Mr. White's response is somewhat tautological: a lack of demand.
So let me re-phrase the question: what is holding back demand in the global economy in a world awash in money?
Regular readers know that it is the policies adopted at the start of the bank solvency led financial crisis and still being pursued by politicians and central bankers that are holding back demand in the global economy.
It was completely predictable that these policies would result in a lack of demand and a Japan-style economic slump. I know it was completely predictable because your humble blogger predicted the failure of policies like those that have been adopted and are still being pursued in December 2007.
What is needed to restore demand in the global economy is for politicians and central bankers to stop protecting banker bonuses.
Ok, it is not that simple.
However, stopping protecting banker bonuses is the necessary first step as it implies that politicians and regulators are done listening to the bankers and their lobbyists and are finally serious about protecting the real economy and society.
As for what has to be done to restore demand, .... (hint: look at Iceland and its imperfect implementation of the Swedish Model).
But [Liam] Fox is a mid-Atlantic politician, in impressionable thrall to plausible US Republican ideologues (if you like that sort of thing) as well as to their Ukip fringe, the Tea Party.
As it shows with every utterance the Tea Party (its foot soldiers as sincere as the average Ukip activist) is busy helping them to become unelectable to the White House, despite their strength in conservative strongholds where folk don't get out much.
Just look at ex-VP nominee and bogus populist Paul Ryan's latest prescriptions for budget-balancing at the expense of the old and poor.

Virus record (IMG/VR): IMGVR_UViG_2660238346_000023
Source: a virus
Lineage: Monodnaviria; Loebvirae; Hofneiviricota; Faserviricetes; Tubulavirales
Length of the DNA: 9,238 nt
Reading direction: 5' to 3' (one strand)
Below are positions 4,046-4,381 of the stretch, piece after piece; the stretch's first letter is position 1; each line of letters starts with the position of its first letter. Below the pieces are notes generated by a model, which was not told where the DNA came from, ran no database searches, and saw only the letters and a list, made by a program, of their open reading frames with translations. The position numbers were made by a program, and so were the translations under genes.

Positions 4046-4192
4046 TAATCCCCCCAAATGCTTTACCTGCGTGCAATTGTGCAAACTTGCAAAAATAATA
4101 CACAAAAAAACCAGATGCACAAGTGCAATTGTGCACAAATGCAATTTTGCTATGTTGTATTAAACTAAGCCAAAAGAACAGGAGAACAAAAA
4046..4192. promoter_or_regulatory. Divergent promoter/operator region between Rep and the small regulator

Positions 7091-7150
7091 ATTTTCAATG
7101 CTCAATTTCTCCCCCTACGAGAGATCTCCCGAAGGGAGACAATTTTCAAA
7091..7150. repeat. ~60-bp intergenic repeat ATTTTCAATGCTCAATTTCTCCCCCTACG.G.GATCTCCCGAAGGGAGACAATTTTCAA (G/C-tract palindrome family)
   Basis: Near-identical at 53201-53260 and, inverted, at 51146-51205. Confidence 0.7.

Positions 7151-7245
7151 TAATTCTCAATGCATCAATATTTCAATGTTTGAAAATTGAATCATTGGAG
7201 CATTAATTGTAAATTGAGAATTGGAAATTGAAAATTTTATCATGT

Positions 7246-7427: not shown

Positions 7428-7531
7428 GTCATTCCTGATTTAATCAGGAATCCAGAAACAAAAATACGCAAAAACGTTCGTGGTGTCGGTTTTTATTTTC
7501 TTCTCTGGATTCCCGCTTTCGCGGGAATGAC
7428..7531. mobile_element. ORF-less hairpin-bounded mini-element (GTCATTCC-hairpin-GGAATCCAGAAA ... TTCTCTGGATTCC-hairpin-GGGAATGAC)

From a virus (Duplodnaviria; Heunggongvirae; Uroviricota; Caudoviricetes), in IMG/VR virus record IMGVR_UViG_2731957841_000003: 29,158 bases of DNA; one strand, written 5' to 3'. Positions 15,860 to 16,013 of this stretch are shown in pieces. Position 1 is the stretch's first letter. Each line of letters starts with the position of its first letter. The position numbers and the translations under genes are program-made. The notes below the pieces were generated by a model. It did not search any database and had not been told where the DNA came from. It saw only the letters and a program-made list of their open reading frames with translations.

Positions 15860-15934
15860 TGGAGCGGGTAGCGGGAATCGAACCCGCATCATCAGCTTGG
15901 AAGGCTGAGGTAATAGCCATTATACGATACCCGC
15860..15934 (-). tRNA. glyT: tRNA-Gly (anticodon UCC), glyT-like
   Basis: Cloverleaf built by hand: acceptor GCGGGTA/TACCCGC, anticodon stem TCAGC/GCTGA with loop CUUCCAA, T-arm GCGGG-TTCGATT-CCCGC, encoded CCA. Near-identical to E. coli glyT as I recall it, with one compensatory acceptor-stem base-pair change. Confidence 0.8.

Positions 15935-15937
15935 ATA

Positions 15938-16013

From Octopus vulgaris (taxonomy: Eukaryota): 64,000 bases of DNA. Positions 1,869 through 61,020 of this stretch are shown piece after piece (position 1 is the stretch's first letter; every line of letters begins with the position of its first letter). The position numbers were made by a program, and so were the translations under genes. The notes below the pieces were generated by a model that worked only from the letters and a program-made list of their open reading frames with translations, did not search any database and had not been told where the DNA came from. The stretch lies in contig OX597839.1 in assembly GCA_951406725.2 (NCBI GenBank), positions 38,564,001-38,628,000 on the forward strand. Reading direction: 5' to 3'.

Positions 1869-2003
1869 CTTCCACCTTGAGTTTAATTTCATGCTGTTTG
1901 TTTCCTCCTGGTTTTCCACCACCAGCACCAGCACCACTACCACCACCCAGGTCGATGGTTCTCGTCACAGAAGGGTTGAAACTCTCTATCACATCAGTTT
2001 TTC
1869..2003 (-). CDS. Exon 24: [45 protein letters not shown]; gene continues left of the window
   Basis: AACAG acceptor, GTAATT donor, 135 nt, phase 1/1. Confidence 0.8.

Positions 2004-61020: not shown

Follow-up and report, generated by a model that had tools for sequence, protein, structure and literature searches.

So Fox's similar sentiments matter here because a lot of people out there believe his claim that the problem is a supply-side one....
No, where Liam Fox goes badly wrong is where he thinks we need to freeze public spending for three or even five years to help cut borrowing and thereby free up scope for tax cuts.
Our problem, he says, is that we are over-taxed, over-regulated and that we spend and borrow too much. That's true for some people, who are over-taxed (many of them very poor) or over-borrow (those credit cards, eh!), as it is for some firms – small firms, those most likely to create new jobs and wealth. They do carry a big burden of tax and paperwork.
But overall, it's not true at all.
Big firms and investors are awash with funds – they don't invest them because they don't see a return.They also don't pay taxes. Witness how much money the big firms hold off shore as a result of their efforts to minimize what they pay in taxes.
What is holding us back from a stronger recovery is that there isn't enough demand in the economy.
Companies and individuals are paying down debt – de-leveraging is the fancy word – yet the government, which has much deeper pockets, is doing the same instead of leaning against the bust (just as Labour failed to lean against the boom)....
It's not that Fox is entirely wrong. There is a case for not ring-fencing certain types of spending, including overseas aid, the NHS and defence equipment, because such exceptions distort spending and distort cuts elsewhere in the system. There a case too for cutting the perks of well-off pensioners – bus passes and winter fuel money – which I have made before on behalf of such people, including myself.
But the assertion that cutting progressive taxes – abolishing capital gains tax for five years as well – and placing most of the consequent burden on the poorest (who at least spend what they get and thereby put demand into the high street) is both immoral and economically wrong....
But when demand is low and interest rates are exceptionally low, we could spend more money on worthwhile projects – the usual infrastructure stuff, Vince Cable's ideas about investment strategies for productive enterprise, familiar ideas with which the Treasury flirts half-heartedly.
Britain has a more disciplined budget mechanism than the US where the Bush Republicans promised to cut taxes and spending but mostly cut taxes: a supply side remedy that fails and is slowly crippling the federal system....
UK austerity might be a more plausible option if everyone else in Europe – and increasingly beyond it – were not playing the same game. Via export drives or currency devaluation we now risk the beggar-my-neighbour tactics which bedevilled the recovery in the 30s.
Yet the world is awash with capital – try this (subscription) analysis in the FT, which paints a startling contrast between struggling real economies and a mountain of money searching for safe and sensible places to park it.